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I know in my last post I said I was going to write about David Bazan’s “Curse Your Branches” next week, but this is still technically the same week and I promise I’ll get Bazan ready in the coming days. Given certain events in Seattle today, I thought this one would be a bit more appropriate and timely.

Discovering Elliott Smith always seems like a poignant moment for most people I’ve talked to who listen to him. For me, it felt like finally discovering that unknown artist you’d always wanted to find. In my fantasy it was usually finding an old tape or CD that had fallen off the rack and was covered with dust – long forgotten to anyone else. That’d be pretty romantic, huh? Instead, I found Elliott on MSN Messenger.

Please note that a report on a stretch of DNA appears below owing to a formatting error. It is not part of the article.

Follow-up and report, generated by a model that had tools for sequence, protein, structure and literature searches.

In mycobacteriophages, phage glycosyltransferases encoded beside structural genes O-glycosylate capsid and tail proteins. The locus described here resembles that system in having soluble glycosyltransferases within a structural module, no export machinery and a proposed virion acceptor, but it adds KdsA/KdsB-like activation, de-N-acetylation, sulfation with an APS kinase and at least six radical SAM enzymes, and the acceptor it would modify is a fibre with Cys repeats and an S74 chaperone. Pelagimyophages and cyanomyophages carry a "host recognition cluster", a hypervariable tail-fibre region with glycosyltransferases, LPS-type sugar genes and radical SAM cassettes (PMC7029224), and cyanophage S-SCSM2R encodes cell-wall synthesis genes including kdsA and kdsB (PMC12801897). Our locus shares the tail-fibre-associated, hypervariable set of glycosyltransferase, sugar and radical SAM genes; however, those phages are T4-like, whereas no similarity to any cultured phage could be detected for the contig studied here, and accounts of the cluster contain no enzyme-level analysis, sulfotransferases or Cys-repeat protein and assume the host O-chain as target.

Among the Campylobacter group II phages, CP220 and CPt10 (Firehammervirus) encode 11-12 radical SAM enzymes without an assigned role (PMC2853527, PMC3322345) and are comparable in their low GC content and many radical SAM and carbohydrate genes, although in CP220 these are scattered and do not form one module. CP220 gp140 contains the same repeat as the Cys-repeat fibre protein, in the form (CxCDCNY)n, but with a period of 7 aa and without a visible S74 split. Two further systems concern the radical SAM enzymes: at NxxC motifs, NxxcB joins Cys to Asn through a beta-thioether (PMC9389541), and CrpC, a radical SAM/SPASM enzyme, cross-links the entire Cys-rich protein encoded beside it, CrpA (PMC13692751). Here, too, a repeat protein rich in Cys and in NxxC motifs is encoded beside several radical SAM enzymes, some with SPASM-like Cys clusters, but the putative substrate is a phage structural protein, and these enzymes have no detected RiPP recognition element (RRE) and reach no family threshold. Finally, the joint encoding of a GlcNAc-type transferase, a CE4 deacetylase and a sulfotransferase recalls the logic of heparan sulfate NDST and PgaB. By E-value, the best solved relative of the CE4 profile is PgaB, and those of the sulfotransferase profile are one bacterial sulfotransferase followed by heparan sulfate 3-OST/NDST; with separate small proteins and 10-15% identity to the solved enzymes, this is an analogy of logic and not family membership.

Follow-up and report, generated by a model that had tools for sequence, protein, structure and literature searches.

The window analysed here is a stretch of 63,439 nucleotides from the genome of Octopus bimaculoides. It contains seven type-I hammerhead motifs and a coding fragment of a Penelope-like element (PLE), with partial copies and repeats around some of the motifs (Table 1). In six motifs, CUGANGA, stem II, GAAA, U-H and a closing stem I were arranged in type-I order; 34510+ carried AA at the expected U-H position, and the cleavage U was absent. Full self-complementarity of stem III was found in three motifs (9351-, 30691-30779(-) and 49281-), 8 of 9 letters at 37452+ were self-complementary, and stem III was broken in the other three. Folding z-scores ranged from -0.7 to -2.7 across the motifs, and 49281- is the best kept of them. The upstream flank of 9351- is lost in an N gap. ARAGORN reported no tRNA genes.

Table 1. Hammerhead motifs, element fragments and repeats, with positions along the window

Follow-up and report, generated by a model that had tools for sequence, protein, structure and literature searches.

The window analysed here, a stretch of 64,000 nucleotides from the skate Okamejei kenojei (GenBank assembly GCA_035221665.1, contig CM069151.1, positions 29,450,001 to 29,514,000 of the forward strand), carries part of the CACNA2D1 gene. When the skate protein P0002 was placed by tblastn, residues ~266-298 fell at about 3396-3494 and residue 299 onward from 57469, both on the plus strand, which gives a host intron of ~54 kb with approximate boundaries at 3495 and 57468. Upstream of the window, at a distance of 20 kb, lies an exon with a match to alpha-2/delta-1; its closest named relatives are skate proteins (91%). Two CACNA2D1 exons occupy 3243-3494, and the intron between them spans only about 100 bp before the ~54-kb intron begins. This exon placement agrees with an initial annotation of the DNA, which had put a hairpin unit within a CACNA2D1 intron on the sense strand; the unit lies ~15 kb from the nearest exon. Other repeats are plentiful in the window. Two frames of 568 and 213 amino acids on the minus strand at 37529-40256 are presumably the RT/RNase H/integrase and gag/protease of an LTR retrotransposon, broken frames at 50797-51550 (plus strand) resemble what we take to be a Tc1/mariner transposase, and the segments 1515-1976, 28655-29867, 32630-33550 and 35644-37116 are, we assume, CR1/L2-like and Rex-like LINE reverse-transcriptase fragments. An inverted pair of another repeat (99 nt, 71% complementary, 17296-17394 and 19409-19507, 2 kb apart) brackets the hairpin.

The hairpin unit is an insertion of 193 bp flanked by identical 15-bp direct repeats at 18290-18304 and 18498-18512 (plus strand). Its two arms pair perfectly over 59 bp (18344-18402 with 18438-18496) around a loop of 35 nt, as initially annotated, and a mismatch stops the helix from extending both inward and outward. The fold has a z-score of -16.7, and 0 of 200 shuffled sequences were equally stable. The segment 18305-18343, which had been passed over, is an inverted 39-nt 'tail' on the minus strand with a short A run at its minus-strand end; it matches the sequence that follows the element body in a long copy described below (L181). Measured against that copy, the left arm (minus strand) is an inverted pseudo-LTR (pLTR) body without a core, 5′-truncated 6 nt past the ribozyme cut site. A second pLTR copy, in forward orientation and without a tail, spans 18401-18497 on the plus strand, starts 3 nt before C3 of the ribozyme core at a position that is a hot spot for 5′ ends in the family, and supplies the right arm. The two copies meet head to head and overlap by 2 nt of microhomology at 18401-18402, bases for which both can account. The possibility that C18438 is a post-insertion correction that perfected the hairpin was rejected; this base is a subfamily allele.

My buddy Nate and I started sharing music with each other when I was 15 and he was 14. I’m sure he’s going to come up a lot in this blog series; he helped shape a lot of stuff I listen to today. At the time, most of our friends weren’t listening to the same music as us. We were what would become the annoying hipster “you probably haven’t heard of it” cliche. We weren’t trying to be cool. We just liked different music than our peers. Pretty much every night after school we were on MSN Messenger talking about music, classes, or whatever else was going on. Periodically we would send each other MP3s of new music we were listening to. There used to be a feature on chat where you could see what the other person was listening to.